NOTE: Story was updated to clarify that Washington is the only state requiring workers to pay into the system.
Unable to win in the Legislature, the state building industry is launching a ballot campaign to bring private insurers into Washington's state-run workers' compensation system for the first time.
The Democrat-controlled Legislature flatly rejected several business groups’ proposals to reform the system during the just-concluded legislative session. The Initiative 1082 effort now sets up a ballot-box fight with the state’s influential labor interests in an election year for most legislative seats.
“We’ve already figured out the Legislature is not interested in doing anything when it comes to workers’ comp,” BIAW spokeswoman Erin Shannon said Thursday. “We’ve given the Legislature every chance; now we’re taking it to the people.”
I-1082 still is waiting for final approval of a ballot title, and Monday is the deadline for legal challenges. But BIAW launched its Web site, saveourjobswa.com, Wednesday; so many people wanted to reserve copies of the initiative petitions that the Web site crashed, Shannon said.
The builders plan to use paid signature gatherers to help collect at least 241,153 valid voter signatures before the July 2 deadline for the effort to qualify for the November ballot. I-1082 is one of about 50 measures proposed so far.
I-1082 would specifically let private insurers compete with the state’s monopoly system, which the state Department of Labor and Industries runs. About 350 large employers such as The Boeing Co., Microsoft and Wal-Mart opt out and run their own programs in synch with state standards, L&I says.
It also would get rid of the requirement that workers pay into the workers’ compensation fund, currently about 27 percent of the costs, L&I says. Private insurance will become an option for businesses in 2012 if the measure gets onto the ballot and passes.
Many business groups say the cost from L&I’s system is too high, and they objected this year to rate increases of 7.6 percent, which hit during a tough economic time. Shannon said other states have lower rates than Washington’s high-benefit system, and she argues it lacks the accountability that competition provides.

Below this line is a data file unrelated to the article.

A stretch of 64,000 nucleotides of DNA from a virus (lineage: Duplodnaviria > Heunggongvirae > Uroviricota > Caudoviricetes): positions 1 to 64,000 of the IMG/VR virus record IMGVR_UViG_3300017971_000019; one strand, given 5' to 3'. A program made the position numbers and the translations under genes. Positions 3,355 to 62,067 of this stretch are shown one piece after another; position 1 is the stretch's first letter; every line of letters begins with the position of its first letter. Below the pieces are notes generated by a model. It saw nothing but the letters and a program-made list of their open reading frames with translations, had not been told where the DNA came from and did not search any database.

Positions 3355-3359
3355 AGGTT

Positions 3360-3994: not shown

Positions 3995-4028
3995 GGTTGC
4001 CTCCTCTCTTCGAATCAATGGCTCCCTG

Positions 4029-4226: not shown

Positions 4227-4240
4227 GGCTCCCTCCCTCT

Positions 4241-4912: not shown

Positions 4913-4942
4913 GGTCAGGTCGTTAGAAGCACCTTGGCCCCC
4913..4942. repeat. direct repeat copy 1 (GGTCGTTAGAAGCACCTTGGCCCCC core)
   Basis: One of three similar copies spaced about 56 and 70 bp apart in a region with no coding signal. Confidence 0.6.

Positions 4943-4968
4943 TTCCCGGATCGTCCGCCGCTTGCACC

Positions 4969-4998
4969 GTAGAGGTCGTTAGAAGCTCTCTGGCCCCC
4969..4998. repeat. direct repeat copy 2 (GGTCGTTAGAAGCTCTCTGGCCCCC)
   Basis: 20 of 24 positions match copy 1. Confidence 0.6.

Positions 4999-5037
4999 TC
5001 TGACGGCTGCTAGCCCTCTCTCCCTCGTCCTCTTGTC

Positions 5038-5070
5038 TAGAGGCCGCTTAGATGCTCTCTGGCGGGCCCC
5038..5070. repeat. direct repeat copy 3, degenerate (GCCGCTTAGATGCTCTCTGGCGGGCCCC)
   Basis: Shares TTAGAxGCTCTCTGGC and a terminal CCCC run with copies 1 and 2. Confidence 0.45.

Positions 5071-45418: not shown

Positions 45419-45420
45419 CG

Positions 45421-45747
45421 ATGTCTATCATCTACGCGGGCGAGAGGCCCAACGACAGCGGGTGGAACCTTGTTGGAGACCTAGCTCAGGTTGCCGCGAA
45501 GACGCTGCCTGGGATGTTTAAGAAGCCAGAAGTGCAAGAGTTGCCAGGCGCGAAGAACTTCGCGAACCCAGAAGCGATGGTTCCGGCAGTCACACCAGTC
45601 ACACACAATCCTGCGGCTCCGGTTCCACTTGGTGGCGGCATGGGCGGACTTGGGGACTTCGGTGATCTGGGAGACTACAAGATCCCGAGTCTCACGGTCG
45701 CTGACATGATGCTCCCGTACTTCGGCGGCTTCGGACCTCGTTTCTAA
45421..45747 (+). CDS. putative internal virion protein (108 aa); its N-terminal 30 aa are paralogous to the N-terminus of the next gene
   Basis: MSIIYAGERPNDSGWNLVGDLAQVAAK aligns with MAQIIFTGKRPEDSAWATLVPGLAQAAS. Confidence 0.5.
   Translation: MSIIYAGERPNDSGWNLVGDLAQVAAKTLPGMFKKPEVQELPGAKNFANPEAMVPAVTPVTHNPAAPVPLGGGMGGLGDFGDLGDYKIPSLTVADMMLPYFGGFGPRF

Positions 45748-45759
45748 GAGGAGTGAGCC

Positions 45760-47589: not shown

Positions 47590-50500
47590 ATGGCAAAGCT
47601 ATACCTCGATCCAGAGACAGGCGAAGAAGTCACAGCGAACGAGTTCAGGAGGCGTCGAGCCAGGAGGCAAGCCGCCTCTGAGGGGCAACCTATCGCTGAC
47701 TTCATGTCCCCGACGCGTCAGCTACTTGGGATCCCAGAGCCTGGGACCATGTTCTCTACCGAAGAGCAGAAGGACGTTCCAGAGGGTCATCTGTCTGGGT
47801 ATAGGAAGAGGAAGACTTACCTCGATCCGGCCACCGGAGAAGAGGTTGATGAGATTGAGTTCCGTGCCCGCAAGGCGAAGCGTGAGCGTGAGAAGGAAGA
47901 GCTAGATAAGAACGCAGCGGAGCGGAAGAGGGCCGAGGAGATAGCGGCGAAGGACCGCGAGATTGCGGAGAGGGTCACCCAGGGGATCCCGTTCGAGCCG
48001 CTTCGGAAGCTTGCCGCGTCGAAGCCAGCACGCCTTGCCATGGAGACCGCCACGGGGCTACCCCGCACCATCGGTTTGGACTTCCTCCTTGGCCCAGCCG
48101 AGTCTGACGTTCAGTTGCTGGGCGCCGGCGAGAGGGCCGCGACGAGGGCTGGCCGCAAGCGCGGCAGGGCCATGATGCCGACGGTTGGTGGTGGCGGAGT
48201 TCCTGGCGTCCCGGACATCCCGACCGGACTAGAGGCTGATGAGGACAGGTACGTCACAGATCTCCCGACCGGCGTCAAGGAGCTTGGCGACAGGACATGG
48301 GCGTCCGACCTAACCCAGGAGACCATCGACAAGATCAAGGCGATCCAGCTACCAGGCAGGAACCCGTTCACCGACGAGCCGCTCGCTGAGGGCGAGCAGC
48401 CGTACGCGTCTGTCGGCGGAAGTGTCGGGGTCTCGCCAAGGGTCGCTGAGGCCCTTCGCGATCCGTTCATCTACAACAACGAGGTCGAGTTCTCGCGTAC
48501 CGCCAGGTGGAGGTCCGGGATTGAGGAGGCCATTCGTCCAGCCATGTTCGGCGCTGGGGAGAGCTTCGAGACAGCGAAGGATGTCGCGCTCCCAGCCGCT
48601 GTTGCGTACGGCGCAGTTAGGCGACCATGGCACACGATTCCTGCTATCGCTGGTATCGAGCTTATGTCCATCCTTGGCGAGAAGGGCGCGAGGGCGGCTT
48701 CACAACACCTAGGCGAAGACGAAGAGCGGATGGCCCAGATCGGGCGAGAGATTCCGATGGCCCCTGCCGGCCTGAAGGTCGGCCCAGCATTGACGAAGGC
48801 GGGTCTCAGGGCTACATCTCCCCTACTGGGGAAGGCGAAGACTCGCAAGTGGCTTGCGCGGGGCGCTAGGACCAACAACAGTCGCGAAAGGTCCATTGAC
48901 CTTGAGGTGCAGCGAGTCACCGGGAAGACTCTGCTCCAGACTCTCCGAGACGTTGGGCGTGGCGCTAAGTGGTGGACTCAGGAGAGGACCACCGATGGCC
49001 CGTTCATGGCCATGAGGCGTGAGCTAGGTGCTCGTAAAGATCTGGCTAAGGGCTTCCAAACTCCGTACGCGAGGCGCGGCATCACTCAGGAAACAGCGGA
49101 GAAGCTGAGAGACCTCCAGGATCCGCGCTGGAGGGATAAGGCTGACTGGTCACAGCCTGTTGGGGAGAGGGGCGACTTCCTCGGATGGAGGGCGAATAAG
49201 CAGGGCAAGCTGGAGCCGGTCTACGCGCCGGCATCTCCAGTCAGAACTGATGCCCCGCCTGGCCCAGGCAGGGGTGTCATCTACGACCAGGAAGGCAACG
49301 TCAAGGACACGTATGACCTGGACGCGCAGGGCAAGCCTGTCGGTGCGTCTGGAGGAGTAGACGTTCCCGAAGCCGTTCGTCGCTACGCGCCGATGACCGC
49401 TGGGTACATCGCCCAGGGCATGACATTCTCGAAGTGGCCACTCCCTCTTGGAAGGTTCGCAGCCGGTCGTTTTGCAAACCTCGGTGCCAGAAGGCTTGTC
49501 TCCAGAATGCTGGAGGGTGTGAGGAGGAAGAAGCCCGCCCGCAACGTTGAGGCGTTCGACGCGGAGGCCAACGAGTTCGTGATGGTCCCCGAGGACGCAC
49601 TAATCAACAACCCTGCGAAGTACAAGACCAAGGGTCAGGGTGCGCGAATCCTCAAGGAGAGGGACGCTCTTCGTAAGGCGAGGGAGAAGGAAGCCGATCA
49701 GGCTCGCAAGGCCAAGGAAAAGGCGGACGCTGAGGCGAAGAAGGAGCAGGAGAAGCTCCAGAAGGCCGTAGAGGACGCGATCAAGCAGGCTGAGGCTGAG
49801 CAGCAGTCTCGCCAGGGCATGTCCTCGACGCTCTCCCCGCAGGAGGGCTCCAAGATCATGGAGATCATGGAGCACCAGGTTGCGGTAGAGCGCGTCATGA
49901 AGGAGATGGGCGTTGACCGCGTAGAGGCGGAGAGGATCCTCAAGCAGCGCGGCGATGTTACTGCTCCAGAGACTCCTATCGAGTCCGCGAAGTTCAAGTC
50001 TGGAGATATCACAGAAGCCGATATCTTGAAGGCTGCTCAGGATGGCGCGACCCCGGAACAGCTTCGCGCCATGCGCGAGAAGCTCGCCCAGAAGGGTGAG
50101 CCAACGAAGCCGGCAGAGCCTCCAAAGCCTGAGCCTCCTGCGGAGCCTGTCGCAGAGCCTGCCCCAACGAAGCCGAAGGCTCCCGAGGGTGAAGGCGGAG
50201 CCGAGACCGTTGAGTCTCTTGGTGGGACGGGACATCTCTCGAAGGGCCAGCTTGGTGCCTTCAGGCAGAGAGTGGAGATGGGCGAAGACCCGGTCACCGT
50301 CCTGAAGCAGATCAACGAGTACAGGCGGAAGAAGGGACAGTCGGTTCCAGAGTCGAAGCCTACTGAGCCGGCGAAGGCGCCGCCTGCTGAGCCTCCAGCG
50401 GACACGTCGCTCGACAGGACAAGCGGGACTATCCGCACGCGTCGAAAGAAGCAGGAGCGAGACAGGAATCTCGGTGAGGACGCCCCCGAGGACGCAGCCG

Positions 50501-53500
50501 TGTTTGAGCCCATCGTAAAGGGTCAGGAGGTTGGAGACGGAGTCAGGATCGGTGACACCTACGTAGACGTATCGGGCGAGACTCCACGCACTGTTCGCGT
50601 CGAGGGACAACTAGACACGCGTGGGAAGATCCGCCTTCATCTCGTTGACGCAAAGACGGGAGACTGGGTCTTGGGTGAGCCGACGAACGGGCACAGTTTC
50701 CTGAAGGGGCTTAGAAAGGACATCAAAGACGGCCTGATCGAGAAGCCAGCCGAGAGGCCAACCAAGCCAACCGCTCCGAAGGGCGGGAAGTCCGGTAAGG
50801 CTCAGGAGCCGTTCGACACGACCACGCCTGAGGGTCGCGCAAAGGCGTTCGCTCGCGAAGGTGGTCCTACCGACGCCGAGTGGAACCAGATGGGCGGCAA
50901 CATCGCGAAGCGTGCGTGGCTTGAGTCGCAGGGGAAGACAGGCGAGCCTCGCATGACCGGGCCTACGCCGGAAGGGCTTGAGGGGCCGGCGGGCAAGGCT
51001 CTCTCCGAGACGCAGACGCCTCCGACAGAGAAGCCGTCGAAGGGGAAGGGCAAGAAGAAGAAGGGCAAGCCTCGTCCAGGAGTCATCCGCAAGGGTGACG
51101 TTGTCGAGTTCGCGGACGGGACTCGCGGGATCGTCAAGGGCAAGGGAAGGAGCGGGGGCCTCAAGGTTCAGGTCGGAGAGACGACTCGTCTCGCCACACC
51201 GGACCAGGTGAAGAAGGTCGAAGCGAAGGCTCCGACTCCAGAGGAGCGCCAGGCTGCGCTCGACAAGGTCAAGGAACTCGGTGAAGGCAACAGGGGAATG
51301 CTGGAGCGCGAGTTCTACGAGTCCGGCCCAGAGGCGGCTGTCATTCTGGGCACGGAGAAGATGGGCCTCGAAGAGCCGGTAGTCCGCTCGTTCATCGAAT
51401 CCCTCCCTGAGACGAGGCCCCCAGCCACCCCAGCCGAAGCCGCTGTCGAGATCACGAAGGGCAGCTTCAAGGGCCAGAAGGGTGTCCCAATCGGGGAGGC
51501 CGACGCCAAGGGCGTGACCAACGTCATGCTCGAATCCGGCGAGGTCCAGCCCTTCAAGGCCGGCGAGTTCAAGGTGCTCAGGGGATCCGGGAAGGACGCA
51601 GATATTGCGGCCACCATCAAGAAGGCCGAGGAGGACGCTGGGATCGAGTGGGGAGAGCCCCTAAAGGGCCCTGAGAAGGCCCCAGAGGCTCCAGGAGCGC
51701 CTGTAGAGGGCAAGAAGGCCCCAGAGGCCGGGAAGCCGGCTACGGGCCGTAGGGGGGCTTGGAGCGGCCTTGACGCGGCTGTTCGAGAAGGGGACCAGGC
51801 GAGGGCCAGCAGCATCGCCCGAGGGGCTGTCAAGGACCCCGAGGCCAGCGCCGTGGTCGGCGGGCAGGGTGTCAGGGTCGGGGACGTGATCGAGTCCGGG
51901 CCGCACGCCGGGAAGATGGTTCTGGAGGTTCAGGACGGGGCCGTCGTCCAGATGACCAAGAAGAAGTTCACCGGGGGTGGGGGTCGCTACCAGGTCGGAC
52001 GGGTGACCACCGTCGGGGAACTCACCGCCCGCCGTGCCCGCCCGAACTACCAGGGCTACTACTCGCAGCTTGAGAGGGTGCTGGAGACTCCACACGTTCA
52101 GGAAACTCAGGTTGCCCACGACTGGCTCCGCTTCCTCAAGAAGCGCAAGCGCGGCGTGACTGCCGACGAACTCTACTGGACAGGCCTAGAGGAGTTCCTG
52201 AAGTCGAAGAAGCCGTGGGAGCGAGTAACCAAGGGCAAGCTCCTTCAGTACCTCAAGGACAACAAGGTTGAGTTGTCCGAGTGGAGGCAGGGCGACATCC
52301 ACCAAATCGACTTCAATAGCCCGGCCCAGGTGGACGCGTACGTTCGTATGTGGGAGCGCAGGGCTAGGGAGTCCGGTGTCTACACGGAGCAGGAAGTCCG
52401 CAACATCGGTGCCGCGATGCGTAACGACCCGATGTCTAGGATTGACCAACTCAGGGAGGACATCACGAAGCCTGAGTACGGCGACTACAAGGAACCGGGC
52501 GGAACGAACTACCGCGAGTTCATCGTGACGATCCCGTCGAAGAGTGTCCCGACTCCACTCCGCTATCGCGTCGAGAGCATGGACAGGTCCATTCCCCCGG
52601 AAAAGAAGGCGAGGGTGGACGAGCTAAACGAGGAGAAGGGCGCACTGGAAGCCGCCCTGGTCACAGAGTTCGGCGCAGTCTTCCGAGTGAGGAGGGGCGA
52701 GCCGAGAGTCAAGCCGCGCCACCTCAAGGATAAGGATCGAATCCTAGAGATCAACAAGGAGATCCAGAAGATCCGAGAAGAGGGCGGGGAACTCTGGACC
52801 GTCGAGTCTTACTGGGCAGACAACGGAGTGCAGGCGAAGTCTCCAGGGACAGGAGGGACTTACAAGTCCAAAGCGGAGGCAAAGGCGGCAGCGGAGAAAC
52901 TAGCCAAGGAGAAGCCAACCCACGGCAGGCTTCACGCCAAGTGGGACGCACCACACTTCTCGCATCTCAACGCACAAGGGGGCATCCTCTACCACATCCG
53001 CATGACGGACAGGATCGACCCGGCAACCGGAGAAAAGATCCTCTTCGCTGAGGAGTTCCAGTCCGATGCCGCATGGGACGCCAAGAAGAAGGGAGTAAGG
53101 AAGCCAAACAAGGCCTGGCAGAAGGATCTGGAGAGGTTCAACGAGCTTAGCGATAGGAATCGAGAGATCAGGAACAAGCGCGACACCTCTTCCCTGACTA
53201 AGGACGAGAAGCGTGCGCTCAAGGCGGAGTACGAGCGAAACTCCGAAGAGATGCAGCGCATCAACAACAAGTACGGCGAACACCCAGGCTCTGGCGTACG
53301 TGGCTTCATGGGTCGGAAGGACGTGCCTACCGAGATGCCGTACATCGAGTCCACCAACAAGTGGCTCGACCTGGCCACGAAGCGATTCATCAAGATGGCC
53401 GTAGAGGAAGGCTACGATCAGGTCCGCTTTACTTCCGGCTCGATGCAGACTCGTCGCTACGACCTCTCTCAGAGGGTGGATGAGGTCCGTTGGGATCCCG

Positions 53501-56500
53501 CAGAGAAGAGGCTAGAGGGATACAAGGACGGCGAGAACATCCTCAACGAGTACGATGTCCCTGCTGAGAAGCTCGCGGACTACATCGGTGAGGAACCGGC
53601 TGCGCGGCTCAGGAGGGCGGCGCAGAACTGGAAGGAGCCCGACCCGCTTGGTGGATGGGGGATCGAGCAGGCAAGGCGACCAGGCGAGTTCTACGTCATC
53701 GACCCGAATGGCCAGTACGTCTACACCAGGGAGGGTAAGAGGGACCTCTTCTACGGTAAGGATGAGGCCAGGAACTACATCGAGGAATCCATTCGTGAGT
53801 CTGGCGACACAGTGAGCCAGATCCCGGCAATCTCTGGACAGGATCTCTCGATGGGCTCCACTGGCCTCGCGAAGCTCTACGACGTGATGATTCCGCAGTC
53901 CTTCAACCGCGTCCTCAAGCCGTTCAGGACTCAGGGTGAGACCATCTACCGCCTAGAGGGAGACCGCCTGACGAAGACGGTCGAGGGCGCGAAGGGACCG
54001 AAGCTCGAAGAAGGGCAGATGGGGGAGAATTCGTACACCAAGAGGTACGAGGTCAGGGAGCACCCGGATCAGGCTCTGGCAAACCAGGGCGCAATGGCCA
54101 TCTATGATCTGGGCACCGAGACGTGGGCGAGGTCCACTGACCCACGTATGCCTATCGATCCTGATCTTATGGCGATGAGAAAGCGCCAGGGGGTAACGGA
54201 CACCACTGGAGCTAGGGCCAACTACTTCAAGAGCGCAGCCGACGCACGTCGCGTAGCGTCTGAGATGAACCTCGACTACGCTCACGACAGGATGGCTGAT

The Washington State Labor Council is gearing up for a big battle with its old nemesis, and council president Rick Bender said labor is building a broad coalition to fight back.
“We are strongly opposed to it because it is not in the interest of workers, nor do we think it’s in the interest of small businesses as well – as they will soon find out from other states,” Bender said. “We are considered a low-cost state and yet a high-benefit state.”
Bender said other states’ privatized systems have costs for “high executive salaries for insurers” and for advertising. He predicted the initiative “is going to be financed by the insurance industry. It’s no secret that the largest insurer that does workers’ compensation is AIG, the one we taxpayers had to bail out.”
The business lobby tried to lower costs for employers by allowing early settlement of medical claims this year. That effort and others went nowhere with the Democrat-controlled Legislature, and House Speaker Frank Chopp was among those who questioned giving the care of workers to private insurers such as AIG.
Both sides in the dispute have figures and studies to show that Washingtons system is either one of the most expensive, or one of the best run. Among its distinctions, Washingtons system is one of four nationally that is state-run.
It also is the only one that requires workers as well as employers to contribute payments into a fund for medical care, and the initiative would get rid of that requirement.
Elaine Fischer, a spokeswoman for L&I, said Washington’s system – which covers medical costs for on-the-job injuries, partial payment of lost wages and even rehabilitation and retraining – was set up without private competition. And the law was never changed.
“Our state does have some of the best benefits in the country for injured workers and their families, but at rates that are lower than half the other states,” Fischer said.
The BIAW won an initiative in 2003 that repealed ergonomics rules that L&I was enacting, and it won a referendum fight in 2002 to repeal changes to unemployment. But in more recent election cycles, BIAW’s favored candidates for Supreme Court and governor have lost.
The National Federation of Independent Business is joining the effort, and BIAW hopes the Association of Washington Business throws in its support, too.
“I think it will be the clash of the titans – of business and labor. I think it is one of the rare issues where all businesses, large and small, are on the same side. Everyone from your mom-and-pop to Boeing has wanted worker-comp reform,” Shannon said.
Brad Shannon: 360-753-1688